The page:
Amid fierce battles, the Ethiopian army cuts off supply routes to the Tigray Front after taking control of areas in Amhara
Addis Ababa announced on Wednesday that the Ethiopian army cut supply lines to the Tigray Liberation Front and its allies after taking control of areas in the Amhara region, and this development comes amid fierce battles between the two parties.
The director of the Government Communications Office in the Amhara region told the island that the Ethiopian government forces took control of the city of Lalibela, which includes ancient rock-hewn churches on the UNESCO World Heritage List, and is a sacred site for millions of Ethiopian Orthodox Christians, during the ongoing military operations led by Prime Minister Abiy Abiy. Ahmed himself.
Prime Minister Abiy Ahmed’s office also said in a tweet on Twitter that “the historic town of Lalibela has been liberated and freed from the occupation of the Tigray People’s Liberation Front.”
The office added that the Ethiopian forces are now controlling the town of “Shwarbet” (220 kilometers northeast of Addis Ababa) and eight other towns and villages, pointing to the “liberation” of the Mizezu, Mulali and Rasa regions from the forces of the Tigray Front.
After the historic town of Lalibela and its international airport, the army is heading to the city of Sekota in Amhara, according to the Ethiopian government’s media office, amid fierce battles between the two sides of the conflict.
The government had announced its control over several cities, towns and villages in the south, north and west of Amhara region during the military campaign it launched against the Tigray Front militants.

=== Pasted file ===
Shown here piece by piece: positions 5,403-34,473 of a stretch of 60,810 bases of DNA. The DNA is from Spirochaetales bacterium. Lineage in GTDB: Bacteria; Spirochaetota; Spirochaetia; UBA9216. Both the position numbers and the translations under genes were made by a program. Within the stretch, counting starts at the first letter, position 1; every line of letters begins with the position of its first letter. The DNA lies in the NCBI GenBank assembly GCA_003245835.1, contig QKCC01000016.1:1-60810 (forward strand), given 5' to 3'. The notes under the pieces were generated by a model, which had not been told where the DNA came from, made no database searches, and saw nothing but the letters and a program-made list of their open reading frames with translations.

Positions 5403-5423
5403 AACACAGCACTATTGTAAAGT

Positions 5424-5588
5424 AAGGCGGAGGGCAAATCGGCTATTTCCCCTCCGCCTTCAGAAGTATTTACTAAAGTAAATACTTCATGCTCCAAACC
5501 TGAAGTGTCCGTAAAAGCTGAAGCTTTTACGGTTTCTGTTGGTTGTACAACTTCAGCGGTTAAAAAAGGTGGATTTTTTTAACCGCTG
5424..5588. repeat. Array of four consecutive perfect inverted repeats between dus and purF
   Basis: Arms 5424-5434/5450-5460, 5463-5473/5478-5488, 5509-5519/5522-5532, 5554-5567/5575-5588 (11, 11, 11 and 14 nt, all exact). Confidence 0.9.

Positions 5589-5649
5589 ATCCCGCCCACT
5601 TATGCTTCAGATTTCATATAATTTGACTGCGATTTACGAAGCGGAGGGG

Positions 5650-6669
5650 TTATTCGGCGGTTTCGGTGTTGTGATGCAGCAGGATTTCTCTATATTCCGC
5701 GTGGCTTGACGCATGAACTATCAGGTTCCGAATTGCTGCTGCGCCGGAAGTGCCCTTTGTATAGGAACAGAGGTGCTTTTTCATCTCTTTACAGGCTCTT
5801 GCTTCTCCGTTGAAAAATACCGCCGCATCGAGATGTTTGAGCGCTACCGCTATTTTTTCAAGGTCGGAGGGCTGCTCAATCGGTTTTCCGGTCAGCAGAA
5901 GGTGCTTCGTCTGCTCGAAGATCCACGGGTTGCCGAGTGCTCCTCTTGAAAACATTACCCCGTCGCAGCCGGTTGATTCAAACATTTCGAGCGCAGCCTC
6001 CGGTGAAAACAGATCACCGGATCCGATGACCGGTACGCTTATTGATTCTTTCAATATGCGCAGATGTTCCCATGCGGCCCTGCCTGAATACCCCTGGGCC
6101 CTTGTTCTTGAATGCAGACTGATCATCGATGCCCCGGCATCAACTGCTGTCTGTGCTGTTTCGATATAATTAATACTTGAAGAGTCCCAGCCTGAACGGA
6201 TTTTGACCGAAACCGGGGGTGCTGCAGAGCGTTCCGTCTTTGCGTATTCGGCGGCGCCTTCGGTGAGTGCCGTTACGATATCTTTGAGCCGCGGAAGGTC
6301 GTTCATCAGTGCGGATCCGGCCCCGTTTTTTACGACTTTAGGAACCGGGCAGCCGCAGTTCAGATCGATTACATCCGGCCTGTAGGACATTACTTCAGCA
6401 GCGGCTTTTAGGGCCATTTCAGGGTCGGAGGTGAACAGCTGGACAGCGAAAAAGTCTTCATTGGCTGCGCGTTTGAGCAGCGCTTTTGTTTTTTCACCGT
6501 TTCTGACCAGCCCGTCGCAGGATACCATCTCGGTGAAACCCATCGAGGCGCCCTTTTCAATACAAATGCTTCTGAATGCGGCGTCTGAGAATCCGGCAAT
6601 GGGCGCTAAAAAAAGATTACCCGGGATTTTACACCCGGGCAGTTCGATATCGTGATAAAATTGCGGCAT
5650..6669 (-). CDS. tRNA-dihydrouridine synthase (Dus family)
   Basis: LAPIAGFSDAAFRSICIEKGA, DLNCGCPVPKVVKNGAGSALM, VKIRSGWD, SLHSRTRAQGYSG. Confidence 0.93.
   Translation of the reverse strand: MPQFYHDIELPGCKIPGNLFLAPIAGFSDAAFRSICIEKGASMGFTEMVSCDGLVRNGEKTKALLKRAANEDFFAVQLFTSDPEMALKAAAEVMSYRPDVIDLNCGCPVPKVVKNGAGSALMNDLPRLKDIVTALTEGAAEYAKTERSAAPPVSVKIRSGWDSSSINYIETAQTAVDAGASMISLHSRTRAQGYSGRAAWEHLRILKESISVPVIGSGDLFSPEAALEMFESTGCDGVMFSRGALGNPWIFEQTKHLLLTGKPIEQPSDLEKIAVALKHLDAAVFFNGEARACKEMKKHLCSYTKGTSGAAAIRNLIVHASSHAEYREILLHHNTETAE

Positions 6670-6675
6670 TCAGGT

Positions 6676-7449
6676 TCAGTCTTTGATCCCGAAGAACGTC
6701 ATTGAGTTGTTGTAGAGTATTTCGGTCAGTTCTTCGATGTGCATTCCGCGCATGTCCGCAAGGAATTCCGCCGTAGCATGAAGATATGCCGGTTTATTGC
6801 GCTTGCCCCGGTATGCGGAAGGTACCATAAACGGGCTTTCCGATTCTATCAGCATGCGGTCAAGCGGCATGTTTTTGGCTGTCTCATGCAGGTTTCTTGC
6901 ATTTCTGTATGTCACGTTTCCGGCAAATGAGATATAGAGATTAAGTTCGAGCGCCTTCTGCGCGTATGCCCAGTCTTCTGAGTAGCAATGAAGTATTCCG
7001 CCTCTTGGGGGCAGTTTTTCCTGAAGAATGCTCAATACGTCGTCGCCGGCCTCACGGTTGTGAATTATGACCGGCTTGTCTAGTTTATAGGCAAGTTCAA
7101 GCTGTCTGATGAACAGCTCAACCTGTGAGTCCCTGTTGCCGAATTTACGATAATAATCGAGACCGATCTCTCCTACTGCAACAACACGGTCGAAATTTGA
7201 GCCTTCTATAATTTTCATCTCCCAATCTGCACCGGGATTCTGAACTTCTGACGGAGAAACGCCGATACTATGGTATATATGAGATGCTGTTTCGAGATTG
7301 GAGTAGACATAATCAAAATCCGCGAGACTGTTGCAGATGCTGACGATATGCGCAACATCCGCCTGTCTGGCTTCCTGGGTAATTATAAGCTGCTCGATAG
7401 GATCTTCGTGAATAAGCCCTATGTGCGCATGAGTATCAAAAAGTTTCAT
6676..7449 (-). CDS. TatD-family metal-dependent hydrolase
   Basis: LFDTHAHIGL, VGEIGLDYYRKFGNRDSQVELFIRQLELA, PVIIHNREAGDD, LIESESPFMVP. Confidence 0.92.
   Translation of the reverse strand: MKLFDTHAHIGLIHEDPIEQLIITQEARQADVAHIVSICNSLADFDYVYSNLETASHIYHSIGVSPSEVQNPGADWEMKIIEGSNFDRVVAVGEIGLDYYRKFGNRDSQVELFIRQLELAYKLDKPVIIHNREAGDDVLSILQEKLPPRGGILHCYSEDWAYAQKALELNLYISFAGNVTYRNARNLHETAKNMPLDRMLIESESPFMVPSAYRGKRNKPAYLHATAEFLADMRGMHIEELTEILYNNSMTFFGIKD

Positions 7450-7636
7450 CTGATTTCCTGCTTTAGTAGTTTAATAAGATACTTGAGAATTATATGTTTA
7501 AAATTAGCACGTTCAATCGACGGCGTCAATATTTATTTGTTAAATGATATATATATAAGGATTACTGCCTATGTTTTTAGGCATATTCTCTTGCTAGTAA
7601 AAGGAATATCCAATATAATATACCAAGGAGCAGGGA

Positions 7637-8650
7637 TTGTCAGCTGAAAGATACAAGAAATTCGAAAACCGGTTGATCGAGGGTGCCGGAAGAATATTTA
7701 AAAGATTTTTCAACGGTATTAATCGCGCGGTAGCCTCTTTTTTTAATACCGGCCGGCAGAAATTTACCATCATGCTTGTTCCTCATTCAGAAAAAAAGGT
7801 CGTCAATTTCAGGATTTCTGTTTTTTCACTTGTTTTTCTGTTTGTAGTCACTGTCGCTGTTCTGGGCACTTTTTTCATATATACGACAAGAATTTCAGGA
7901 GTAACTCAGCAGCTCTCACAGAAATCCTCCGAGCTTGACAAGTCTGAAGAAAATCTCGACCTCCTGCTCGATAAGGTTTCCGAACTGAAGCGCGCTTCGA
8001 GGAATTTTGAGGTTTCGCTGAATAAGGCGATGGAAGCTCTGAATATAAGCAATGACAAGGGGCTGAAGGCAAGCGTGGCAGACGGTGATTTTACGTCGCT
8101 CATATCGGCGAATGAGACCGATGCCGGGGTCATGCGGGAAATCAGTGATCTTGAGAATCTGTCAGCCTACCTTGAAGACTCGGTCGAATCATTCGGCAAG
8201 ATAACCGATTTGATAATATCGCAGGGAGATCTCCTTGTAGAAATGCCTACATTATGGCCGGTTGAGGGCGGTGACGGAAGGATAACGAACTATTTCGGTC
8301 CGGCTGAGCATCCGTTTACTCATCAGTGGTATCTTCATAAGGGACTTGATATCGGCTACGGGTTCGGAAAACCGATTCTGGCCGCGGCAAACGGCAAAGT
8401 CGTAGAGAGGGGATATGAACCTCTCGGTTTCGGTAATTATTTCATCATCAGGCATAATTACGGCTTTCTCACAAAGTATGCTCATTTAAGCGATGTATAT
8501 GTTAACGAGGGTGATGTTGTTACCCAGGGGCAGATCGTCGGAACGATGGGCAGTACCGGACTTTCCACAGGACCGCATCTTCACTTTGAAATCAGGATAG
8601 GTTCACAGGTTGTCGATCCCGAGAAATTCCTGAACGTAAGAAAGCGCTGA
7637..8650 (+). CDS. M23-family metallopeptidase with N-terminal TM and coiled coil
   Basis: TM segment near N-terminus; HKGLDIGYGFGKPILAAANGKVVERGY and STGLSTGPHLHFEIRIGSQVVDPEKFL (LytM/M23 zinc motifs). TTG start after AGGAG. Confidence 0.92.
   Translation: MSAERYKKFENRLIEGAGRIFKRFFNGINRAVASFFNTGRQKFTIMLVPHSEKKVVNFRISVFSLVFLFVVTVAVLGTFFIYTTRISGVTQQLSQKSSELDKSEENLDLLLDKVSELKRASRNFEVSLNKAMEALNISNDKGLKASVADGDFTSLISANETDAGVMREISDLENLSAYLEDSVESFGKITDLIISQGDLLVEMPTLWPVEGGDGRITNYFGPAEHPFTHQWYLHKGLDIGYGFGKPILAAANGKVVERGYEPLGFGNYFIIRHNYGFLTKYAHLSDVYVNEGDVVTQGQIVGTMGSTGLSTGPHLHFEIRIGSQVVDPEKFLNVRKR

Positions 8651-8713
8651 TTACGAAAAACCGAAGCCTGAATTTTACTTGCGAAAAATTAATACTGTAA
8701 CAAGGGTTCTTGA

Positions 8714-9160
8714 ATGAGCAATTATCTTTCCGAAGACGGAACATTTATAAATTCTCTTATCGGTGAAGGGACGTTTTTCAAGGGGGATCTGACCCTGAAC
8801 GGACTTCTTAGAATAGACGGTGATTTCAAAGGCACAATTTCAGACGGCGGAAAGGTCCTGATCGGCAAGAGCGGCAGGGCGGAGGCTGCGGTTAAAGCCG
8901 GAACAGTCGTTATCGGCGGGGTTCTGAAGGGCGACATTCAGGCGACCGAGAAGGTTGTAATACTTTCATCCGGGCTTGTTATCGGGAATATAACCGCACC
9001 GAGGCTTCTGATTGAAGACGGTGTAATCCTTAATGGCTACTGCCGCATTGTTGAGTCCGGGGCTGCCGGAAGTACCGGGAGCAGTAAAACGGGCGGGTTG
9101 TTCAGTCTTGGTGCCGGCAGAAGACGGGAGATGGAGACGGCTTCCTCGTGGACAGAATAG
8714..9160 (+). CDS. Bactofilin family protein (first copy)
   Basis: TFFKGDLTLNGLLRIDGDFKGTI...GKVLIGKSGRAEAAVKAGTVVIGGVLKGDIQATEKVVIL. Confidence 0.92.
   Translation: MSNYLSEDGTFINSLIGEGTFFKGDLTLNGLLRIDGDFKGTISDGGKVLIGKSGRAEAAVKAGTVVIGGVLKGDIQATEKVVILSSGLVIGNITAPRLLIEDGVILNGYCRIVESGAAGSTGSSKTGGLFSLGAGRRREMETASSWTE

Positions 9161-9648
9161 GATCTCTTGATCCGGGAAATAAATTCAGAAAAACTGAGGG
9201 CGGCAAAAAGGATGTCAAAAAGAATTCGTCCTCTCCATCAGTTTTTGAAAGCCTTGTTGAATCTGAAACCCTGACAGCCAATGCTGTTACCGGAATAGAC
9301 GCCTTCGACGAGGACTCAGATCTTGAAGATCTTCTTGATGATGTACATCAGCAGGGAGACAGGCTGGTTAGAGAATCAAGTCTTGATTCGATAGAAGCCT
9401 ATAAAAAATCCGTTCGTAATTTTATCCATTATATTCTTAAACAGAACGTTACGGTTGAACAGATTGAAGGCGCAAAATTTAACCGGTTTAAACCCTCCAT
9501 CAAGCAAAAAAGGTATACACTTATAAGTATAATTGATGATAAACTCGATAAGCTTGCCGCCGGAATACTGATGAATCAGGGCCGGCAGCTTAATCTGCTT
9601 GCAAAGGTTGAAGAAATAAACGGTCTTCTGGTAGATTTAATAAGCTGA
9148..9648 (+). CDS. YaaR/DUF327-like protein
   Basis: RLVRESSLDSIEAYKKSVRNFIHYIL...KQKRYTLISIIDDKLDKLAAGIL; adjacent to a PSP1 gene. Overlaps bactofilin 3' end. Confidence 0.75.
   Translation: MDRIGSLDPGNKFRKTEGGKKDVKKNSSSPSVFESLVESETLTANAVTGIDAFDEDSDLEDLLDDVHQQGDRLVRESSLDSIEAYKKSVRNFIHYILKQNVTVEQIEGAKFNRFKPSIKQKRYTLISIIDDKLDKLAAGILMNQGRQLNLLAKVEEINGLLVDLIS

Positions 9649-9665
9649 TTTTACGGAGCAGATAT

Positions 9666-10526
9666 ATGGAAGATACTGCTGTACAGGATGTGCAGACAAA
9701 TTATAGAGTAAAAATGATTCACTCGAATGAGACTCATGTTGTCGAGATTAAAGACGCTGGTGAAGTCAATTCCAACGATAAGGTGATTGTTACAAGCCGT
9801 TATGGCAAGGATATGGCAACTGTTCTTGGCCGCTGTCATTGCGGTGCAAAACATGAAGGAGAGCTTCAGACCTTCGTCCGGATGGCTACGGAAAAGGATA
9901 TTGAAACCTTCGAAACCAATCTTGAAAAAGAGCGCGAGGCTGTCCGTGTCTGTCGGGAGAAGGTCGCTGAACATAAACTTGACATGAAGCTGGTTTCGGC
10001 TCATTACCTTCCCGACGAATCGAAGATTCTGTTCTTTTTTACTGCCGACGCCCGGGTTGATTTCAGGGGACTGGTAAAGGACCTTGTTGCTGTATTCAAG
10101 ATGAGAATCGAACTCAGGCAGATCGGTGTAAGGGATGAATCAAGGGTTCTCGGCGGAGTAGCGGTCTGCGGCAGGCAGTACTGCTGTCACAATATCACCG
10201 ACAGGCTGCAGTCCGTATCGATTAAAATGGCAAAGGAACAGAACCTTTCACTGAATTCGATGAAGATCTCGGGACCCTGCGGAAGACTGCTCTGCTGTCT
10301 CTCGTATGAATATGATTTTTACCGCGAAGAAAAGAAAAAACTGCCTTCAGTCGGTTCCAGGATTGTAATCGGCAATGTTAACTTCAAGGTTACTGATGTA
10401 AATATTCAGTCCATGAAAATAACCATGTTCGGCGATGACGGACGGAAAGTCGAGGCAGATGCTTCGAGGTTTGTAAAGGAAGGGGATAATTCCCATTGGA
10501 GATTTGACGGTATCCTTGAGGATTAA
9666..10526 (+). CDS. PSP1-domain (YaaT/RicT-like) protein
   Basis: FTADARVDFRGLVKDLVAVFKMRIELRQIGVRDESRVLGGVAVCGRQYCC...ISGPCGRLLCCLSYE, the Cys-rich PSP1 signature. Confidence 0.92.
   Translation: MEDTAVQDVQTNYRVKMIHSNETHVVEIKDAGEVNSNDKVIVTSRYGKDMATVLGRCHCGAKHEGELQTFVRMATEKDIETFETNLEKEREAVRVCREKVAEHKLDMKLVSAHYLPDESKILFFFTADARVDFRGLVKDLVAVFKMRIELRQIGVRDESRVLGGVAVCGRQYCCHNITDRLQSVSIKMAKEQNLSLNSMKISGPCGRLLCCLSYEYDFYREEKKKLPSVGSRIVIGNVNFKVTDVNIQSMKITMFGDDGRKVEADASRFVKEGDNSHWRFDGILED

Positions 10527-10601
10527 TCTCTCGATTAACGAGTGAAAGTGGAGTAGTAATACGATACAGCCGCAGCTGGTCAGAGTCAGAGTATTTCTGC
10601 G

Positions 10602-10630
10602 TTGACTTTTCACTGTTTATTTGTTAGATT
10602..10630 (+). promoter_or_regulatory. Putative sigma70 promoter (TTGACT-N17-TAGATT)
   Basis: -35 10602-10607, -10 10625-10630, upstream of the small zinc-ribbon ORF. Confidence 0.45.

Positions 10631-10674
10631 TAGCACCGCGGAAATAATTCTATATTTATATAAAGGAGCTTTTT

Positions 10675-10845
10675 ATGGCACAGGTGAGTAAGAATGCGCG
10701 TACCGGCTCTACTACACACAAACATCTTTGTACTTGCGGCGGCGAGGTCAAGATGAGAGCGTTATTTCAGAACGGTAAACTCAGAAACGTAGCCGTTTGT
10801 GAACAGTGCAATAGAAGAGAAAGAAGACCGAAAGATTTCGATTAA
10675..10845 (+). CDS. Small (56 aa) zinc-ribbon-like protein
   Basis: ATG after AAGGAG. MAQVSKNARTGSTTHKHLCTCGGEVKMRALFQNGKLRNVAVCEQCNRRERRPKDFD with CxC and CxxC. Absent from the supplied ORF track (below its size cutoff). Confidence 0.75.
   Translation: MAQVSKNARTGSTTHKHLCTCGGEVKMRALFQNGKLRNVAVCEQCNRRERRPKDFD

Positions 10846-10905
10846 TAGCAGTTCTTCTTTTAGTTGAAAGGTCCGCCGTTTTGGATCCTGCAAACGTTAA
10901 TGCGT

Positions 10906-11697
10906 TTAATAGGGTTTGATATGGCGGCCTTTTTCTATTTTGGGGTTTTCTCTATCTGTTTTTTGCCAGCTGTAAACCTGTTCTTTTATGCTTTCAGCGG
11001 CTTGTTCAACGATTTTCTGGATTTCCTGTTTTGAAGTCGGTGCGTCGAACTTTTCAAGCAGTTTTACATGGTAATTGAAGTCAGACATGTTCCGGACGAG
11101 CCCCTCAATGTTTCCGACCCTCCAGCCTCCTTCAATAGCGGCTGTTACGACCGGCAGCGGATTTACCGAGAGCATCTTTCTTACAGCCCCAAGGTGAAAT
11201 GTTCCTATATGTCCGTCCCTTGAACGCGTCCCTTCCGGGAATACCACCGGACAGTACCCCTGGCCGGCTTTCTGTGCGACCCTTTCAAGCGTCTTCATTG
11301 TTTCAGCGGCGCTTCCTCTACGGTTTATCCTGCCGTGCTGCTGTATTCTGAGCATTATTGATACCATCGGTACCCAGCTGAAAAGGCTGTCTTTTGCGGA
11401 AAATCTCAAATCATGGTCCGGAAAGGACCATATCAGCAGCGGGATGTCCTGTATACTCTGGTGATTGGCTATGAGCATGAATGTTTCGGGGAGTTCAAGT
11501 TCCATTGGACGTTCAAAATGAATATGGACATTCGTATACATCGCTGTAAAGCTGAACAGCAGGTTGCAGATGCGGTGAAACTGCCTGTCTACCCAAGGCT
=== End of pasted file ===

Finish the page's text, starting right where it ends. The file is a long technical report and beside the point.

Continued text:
A government spokesman stated that the army forces had taken control of 15 towns on 4 fronts, most notably the town of (Shwarbet), which halted the Tigray Front’s plans to advance towards the capital, Addis Ababa.
On the other hand, the Tigray Liberation Front talked about the continuation of the battles, and expressed its concern in a letter to the United Nations about the interference of non-African countries in the war.
The front accused the government forces of targeting a dam that provides electricity to the Tigray region (northwest of Ethiopia).
Earlier, Al-Jazeera correspondent, who is currently on the “Casa Geeta” front in Afar region (northeastern Ethiopia), reported that the federal army had sent military reinforcements towards Amhara region after tightening its control over all of Afar.
A blow to the Tigray front
The progress made by the Ethiopian army in the Afar and Amhara regions would deal a strong blow to the Tigray Liberation Front and its allies from the Oromo and other ethnic groups.
The Tigray Front was planning to advance from Amhara south towards the capital, or advance east and threaten the main supply route linking Ethiopia with Djibouti.
Before the Ethiopian Prime Minister headed a week ago to the battlefronts, the allied forces against his government were now 220 kilometers from the capital, Addis Ababa, and they fought battles to control strategic roads in the north.
The rapid progress of the forces of the Tigray Front and its allies prompted Western countries, led by the United States, to call on their nationals to leave Ethiopia immediately.
Meanwhile, United Nations Secretary-General Antonio Guterres said today that the international organization’s humanitarian flights between Addis Ababa and the city of Mekli – the capital of Tigray-Mekele region – have resumed, noting also that 157 aid trucks have arrived in this city.
In statements to reporters at the organization’s headquarters in New York, Guterres again called for an immediate cessation of the fighting in Ethiopia, and for the unimpeded access of humanitarian aid to the affected areas.
Earlier today, the Chinese Foreign Minister arrived in Addis Ababa, and the visit comes at a time when Beijing confirmed its refusal to interfere in Ethiopia’s internal affairs.
The fighting has escalated recently despite US and African mediation attempts, and warnings of the fragmentation of Ethiopia as a result of armed conflict on an ethnic basis.